My issues are that National is doing everything BUT contact the units themselves. This BEYOUND show is a great example.
        Why was this a big secret? Why did they not announce this in advance so that valuable input could be given?
        So, just because we here it on this page that 300-500 youth will be a part of this in the future? Something of this nature should be front page news in every council! Where’s the input on that?
        Irving is famous at doing things in secret with just the privileged few in on the details.

        I agree that this BEYOND show is just that, a show.

        And please don’t try to make it seem like Irving is full of Volunteers with a few overworked Professionals. And calling them is bad? When your Council won’t answer your questions who do you call?
        They (and you) seem to forget why we are here. To serve our youth.

        All Scouting is local. The sooner Irving remembers that, then the solutions to our future will be found.

        • “How many average arrowmen know who their Section or National Chief is (outside their home Lodges)?”

          Not all of them, certainly. But if your average youth Arrowman is active in social media, attends a section conclave, goes to the regionally-delivered National Leadership Seminar, attends a NOAC or SummitCorps or other national event, then they’ve got the opportunity to meet and interact with their national officers.

          And if they don’t – is that horrible? To the average youth Arrowman, who has no interest in conclave or NOAC or whatnot, then they should know their local lodge officers – if that’s where their program interest lies.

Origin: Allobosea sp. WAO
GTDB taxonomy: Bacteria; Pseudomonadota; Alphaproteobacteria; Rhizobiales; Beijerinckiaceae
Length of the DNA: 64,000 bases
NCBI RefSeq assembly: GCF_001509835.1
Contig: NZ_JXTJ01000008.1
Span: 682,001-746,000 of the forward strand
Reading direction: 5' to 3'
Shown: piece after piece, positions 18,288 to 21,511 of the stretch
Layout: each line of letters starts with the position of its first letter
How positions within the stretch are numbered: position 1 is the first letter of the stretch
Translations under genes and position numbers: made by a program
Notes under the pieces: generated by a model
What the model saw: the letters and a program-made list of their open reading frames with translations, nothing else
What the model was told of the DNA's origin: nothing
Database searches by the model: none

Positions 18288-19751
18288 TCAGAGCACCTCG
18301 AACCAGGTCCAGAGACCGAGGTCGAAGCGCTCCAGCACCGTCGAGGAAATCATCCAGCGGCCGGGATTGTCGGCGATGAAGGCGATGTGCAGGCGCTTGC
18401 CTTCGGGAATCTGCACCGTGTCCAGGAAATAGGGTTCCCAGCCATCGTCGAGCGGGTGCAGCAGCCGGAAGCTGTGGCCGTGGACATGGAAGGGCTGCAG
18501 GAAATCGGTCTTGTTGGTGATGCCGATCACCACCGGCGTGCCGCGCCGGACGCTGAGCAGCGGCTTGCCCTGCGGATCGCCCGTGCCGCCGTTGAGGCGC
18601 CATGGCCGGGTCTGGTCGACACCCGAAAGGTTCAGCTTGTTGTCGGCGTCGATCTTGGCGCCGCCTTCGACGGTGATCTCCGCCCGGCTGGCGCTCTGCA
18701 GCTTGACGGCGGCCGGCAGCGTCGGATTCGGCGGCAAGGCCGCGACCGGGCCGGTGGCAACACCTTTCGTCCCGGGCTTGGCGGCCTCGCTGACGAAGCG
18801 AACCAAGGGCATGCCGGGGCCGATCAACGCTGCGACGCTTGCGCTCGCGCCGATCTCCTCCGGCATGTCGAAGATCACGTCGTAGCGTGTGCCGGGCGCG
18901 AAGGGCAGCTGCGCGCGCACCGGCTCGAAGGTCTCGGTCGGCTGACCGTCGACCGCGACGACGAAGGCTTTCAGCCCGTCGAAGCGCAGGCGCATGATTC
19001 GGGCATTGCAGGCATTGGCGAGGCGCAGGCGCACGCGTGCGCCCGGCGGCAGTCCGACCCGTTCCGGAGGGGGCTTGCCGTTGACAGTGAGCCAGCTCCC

“Just by these facts, these kids are not a realistic example of our BSA youth. And from what is noted above nor are they selected by their peers.”

          I don’t know how you can state that they’re not a realistic example of our BSA youth. They advance. They camp. They serve as leaders. How is any of that not a realistic example of our youth?

          “And please don’t try to make it seem like Irving is full of Volunteers with a few overworked Professionals.”

          I actually said the opposite – the vast majority of people who are responsible for the BSA’s policies and programs are volunteers who neither live nor work in Texas. And yes, from what I know from friends who are professionals employed at the national office, there are fewer of them than there should be (just like most of our councils run on pretty lean staffs) – so yep, most of them probably do put in more than 40 hours per week.

          “They (and you) seem to forget why we are here. To serve our youth.”

          Hardly. I’m a unit leader myself, in addition to some other roles. That’s a pretty bold claim to make without really knowing me, and frankly a fairly insulting one.

          -Branden

    • I’m sorry, but with the way this Comment Page sorts replies, this comment by Alan is hilarious! (No disrespect intended Alan.) and I’m proud to be a scout too!!:o)

  7. “No topic is taboo or off-limits.” I hope that extends to the big three – Girls, God, and Gays. I love Scouting, but we really need to end our organization’s official discriminatory policies. Scouting should not be in the role of telling us what to believe, with whom to associate, and what gender can benefit from our programs.

    • Here Here For Gene,
      It’s about time Scouting in American catches up with Scouting in the WORLD. Where Girls and Gays are more than Welcome. Scout for girls starts at Cubs in the UK and many other countries and there are co-ed scout troops even in Muslim countries, so why not in America. Gays are welcome in all and it’s not a Don’t Tell policy. The other grip I have is ending Scouting at 18 and Venturing at 21. Again Scouting events in other parts of the world go to 25. There should be active Scouting programs at the College level.
      As to OA THAT I think is a elite organization within an organization and I encourage my boys NOT to join.